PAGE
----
Fast-forward ninety years, and Bloomsbury yet again adorns our fashion pages. Yet this time, it is within the November 2014 issue of Harper’s Bazaar in a spread entitled ‘Among the Bohemians’, shot at Charleston, The Bloomsbury Group’s country home. Justine Picardie, editor of Bazaar, wrapped up the conference with an insightful look into the pages of Bazaar today, through the eye of the magazine’s past. Picardie spoke extensively about Bazaar’s legacy to combine fashion with wider culture, in particular art and literature. Art and fashion have always had a complex relationship. As Picardie puts it, the two inhabit the same environment and hence often overlap – in their greatest moments colliding to make something brilliant, innovative, and beautiful. The collaboration between the V&A and Bazaar on their series of V&A covers, particularly those photographed by Cathleen Naundorf, are a testament to this. Bazaar has succeeded in the upkeep of ever-strengthening links between contemporary writers and artists. Picardie’s talent lies in achieving a unique point of view, balancing the witty with the serious, the light with the dark and the high fashion with the thought-provoking journalism. All the while, Bazaar maintains a unique point of view and above all, integrity.

‘Among the Bohemians’ is a poignant piece in that it acts as a bridge between the past and the present. There is an interesting conversation between Vanessa Bell and Duncan Grant’s eclectically designed interior seen in the background, and the colourful dresses in the foreground by diverse designers ranging from Fendi, to Paul Smith, and Louis Vuitton. The photographs celebrate the irreverent clashing colours created by merging objects from the Omega Workshops, murals, textiles, textures, couture, shocking red hair, ceramics and furniture.

Woolf used fashion to explore binaries such as surface and depth, intellect and frivolity, commerce and art. At Bazaar, fashion, art and literature combine to create something beautiful. And if artists are “sweeping Guineas off the Vogue counter” by facilitating these interchanges, then let the whoring continue.



‘Inventing Elegance: Fashion Photography 1910-1945’, 12th December 2014, V&A

A Writer’s Diary: Being Extracts From the Diary of Virginia Woolf, ed. Leonard Woolf (London: Persephone, 2012)

Cohen, Lisa, All We Know: Three Lives (New York: Farrar, Straus & Giroux, 2012)

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Biography of Objects at the Museum of London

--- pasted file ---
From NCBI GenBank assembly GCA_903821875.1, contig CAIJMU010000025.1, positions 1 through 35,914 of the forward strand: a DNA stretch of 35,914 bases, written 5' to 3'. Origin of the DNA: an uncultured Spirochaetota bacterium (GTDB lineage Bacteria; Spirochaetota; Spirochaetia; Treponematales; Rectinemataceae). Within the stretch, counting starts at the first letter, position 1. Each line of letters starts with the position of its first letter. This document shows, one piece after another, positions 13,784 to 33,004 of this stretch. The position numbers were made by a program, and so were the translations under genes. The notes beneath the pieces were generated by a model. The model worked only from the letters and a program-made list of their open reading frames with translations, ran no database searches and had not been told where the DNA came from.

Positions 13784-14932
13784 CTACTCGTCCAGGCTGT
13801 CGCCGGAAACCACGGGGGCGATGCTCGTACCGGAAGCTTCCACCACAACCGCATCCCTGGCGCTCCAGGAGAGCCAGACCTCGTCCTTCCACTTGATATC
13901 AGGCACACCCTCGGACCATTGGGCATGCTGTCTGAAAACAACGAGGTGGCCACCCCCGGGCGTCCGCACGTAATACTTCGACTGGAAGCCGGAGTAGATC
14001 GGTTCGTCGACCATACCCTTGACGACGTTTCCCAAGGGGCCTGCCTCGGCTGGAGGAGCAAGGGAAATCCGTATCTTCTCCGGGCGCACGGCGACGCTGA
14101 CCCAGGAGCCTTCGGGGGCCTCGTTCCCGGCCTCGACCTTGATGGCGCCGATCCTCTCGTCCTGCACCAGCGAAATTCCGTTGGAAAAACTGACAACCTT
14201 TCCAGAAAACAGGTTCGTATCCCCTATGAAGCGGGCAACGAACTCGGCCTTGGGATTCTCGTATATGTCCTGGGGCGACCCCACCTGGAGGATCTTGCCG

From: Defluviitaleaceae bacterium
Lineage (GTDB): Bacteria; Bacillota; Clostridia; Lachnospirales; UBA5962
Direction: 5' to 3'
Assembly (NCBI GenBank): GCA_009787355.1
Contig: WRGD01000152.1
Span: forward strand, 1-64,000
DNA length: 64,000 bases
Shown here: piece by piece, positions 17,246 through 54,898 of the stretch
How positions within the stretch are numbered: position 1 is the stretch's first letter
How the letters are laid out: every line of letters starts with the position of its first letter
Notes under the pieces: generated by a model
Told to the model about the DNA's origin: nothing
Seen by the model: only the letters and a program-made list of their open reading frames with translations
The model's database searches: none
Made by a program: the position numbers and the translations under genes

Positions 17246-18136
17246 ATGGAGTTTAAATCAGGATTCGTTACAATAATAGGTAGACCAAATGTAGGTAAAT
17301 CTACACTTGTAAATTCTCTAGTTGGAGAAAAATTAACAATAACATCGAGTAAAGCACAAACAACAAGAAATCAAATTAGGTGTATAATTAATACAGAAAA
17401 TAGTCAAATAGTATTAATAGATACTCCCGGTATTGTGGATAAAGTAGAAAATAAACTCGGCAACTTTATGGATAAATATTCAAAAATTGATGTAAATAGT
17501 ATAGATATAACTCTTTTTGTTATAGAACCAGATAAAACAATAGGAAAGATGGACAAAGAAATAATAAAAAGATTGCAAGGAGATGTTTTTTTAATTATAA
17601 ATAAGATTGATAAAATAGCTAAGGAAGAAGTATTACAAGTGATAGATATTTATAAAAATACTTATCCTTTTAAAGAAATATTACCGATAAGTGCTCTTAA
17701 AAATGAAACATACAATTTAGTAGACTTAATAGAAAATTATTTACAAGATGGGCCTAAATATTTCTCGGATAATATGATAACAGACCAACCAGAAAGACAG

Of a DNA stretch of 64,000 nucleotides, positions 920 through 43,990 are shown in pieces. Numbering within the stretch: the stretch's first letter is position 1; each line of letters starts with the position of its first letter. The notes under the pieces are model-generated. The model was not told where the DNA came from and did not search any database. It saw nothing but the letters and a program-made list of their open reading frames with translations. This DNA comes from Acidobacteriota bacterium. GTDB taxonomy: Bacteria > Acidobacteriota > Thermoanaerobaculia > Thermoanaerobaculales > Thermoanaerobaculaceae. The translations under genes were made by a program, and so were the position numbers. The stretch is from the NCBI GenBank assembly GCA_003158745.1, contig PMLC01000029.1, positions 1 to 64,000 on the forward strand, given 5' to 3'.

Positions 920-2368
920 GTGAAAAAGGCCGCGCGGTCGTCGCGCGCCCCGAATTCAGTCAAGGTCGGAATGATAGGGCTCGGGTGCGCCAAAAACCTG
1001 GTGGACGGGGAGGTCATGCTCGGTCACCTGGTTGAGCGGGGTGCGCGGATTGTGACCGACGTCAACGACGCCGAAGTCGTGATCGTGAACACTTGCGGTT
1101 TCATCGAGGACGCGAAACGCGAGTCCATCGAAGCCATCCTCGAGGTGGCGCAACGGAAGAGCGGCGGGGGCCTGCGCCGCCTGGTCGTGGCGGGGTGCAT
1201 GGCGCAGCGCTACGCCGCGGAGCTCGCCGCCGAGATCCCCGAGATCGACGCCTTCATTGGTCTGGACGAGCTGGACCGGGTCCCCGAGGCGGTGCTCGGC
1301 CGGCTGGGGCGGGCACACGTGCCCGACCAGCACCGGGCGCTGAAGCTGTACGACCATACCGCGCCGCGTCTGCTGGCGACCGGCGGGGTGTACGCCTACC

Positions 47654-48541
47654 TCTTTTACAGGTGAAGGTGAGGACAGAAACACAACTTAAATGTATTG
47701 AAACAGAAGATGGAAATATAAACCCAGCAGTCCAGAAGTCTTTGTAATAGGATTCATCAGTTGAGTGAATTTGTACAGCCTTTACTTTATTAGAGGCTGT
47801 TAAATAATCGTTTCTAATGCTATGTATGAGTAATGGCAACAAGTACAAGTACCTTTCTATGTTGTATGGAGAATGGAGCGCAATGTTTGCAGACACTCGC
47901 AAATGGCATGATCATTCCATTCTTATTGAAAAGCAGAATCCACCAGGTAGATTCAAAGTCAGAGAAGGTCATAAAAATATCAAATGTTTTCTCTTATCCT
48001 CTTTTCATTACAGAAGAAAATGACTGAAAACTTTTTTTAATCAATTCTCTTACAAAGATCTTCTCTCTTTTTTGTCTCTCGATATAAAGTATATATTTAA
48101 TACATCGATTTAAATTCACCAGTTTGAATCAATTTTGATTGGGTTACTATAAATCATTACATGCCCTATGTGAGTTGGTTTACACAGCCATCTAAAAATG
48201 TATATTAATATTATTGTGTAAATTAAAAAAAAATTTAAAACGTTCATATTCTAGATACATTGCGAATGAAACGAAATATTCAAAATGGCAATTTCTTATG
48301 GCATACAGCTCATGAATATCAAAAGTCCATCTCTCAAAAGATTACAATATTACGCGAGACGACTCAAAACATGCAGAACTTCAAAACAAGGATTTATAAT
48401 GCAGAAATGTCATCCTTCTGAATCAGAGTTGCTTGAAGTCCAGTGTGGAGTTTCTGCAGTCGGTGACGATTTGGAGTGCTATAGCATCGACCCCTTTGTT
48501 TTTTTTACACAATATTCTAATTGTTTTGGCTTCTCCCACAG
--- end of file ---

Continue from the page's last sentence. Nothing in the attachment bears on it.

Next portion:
December 26, 2014 by Rosily

Last week our MA History of Dress class was lucky enough to be allowed into the clothing store at the Museum of London, where over 27,000 objects of dress are conserved, catalogued and housed. This was my first experience in a museum store of any sort, so naturally I was very excited. Many of these objects enter the collection as part of a large lot bought at auction, often making it difficult to ascertain who owned it and how and when they wore it. We met one of the dress curators, Beatrice Behlen, who showed us how the key to unlocking the mystery behind the owner can often reside in the most unlikely of places: buttons, soles of shoes and pockets on jackets. Because clothing is something so personal, the 24,000 dresses, suits and shoes collected by the Museum of London, which range in date from the Tudor period to the present day, are more powerful a self portrait, than could be depicted using paint or photography, but only if the owner can be identified!


Inside the dress store at the Museum of London

We were shown a variety of different garments, including a pair of shoes made and worn during clothing rationing in the Second World War, which had been reinforced with metal studs by the owner, to prevent wear and prolong their life.

One of the most intriguing objects we were shown, and arguably my favourite, was a very small blue leotard, covered with gold spangles, and finished with metallic lace. This rather unusual garment was donated to the museum in 1928, as part of a group of clothing which dated from 1860 to 1875. The task of the curator was to determine why this garment was made and who wore it.


Leotard in the Museum of London collection

Beatrice explained to us how, by comparing the shape of the leotard, she was able to note similarities between it and costumes worn by famous acrobats in photographs taken at the time, with the distinctive deep-V neckline. This allowed her to give an approximate date to the garment.  However, external sources like photos can only take one so far. The rest of the deducting had to come from closely examining the object itself.